Johnsen, HCG, Rypestøl, JO & Berge M. (2018), Coping with Methodology



This chapter looks at the epistemological foundation of social science. It addresses how social science contributes to knowledge development. The traditional approach in positivism presumes that explanations in social science should be similar to those in natural science. Positivists also argue that metaphysics does not belong to science, and that the world exists as an objective entity, outside the mind of the observer. Thus, while some of these assumptions are less strict within the neo-positivism/post-positivism approach, the reality is still considered to be objective, even if some phenomena are not governed by causal laws but by probabilistic ones. The validity of what has happened is sometimes hard to establish. Knowledge as socially explicit means arguing that knowledge is to be understood as an either/or phenomenon. Knowledge from the perspective of the actor is often oriented towards understanding and interpretation, giving meaning for the subjects.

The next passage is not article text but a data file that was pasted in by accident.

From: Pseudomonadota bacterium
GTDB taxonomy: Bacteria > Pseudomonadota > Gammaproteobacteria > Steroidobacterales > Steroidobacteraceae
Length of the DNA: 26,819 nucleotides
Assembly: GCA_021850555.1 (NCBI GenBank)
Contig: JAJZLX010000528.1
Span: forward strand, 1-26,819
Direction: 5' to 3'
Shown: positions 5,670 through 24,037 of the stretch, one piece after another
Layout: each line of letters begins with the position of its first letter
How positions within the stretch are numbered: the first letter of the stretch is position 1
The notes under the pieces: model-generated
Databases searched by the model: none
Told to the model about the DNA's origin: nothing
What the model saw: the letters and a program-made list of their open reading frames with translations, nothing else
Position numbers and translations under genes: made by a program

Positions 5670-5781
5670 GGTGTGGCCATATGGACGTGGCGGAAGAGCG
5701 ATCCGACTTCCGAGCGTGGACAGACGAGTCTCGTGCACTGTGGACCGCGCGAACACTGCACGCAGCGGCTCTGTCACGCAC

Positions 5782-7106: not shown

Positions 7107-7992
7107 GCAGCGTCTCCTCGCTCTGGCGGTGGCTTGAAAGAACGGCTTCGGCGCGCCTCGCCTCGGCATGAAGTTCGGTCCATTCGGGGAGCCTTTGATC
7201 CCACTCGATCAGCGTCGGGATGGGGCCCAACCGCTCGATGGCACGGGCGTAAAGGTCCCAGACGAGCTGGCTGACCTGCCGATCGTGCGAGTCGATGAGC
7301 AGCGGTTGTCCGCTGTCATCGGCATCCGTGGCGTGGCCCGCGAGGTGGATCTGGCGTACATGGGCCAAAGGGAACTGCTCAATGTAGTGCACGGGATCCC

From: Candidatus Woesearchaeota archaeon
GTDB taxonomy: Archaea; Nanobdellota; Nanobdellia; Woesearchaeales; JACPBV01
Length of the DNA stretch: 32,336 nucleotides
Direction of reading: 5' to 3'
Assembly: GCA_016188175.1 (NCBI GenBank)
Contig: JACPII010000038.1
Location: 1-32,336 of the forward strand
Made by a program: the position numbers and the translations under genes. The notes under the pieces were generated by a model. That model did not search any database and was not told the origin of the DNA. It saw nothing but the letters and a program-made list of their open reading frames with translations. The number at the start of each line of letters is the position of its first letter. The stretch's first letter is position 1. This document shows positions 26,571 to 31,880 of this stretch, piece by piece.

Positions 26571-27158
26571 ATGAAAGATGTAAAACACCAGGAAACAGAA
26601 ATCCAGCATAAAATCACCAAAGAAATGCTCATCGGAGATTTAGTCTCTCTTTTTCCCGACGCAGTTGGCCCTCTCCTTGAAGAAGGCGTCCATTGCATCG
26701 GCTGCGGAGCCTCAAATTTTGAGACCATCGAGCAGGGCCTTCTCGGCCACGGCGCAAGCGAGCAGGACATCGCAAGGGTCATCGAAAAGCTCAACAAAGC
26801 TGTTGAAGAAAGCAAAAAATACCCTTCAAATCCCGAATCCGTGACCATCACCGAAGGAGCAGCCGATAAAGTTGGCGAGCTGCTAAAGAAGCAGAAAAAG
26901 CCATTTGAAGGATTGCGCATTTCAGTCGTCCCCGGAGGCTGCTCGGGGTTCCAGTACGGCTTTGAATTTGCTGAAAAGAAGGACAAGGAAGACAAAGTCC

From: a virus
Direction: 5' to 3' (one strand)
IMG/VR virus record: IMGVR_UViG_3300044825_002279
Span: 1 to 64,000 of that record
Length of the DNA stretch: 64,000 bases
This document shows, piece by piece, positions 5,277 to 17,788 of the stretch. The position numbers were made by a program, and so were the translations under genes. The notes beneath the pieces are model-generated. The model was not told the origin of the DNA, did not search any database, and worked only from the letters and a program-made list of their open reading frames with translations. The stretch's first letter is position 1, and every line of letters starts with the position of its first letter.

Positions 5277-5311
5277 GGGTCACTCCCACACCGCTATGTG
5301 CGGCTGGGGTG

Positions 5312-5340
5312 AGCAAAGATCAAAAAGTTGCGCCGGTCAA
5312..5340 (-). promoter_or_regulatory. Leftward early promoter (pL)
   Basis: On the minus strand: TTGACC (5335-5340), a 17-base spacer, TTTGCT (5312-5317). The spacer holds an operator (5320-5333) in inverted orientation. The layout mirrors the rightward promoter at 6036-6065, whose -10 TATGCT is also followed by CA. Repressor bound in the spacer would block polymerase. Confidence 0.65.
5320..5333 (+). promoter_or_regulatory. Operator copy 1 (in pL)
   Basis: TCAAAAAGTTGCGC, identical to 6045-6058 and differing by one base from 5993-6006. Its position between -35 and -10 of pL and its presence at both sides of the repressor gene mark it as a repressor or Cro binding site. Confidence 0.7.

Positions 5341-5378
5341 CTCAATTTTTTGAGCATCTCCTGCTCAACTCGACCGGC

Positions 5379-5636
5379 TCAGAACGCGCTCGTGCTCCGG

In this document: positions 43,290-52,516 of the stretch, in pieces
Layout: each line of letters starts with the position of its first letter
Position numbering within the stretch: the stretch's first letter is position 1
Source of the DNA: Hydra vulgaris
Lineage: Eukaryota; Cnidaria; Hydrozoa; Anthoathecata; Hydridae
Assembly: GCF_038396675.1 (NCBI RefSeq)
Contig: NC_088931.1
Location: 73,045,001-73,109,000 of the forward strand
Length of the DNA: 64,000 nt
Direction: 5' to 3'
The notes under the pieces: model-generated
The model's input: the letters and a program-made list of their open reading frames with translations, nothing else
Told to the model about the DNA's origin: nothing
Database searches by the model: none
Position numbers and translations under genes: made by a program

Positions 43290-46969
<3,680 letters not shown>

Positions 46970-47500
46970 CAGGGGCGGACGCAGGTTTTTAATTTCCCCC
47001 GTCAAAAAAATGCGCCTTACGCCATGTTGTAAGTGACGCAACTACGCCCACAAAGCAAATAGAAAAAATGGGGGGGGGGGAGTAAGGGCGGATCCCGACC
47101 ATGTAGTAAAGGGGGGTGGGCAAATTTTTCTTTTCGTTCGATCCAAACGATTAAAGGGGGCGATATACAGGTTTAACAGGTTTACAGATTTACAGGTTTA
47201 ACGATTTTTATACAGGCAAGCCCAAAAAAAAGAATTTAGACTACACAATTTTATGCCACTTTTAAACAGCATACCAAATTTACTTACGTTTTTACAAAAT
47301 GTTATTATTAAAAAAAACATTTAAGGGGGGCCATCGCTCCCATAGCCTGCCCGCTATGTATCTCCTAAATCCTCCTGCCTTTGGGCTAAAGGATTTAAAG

Johnsen, HCG, Rypestøl, JO & Berge M. (2018), Coping with Methodology, In Johnsen HCG, Holtskog, H, & Ennals, R. (eds), Coping with the future: rethinking assumptions for society, business, and work, London: Routledge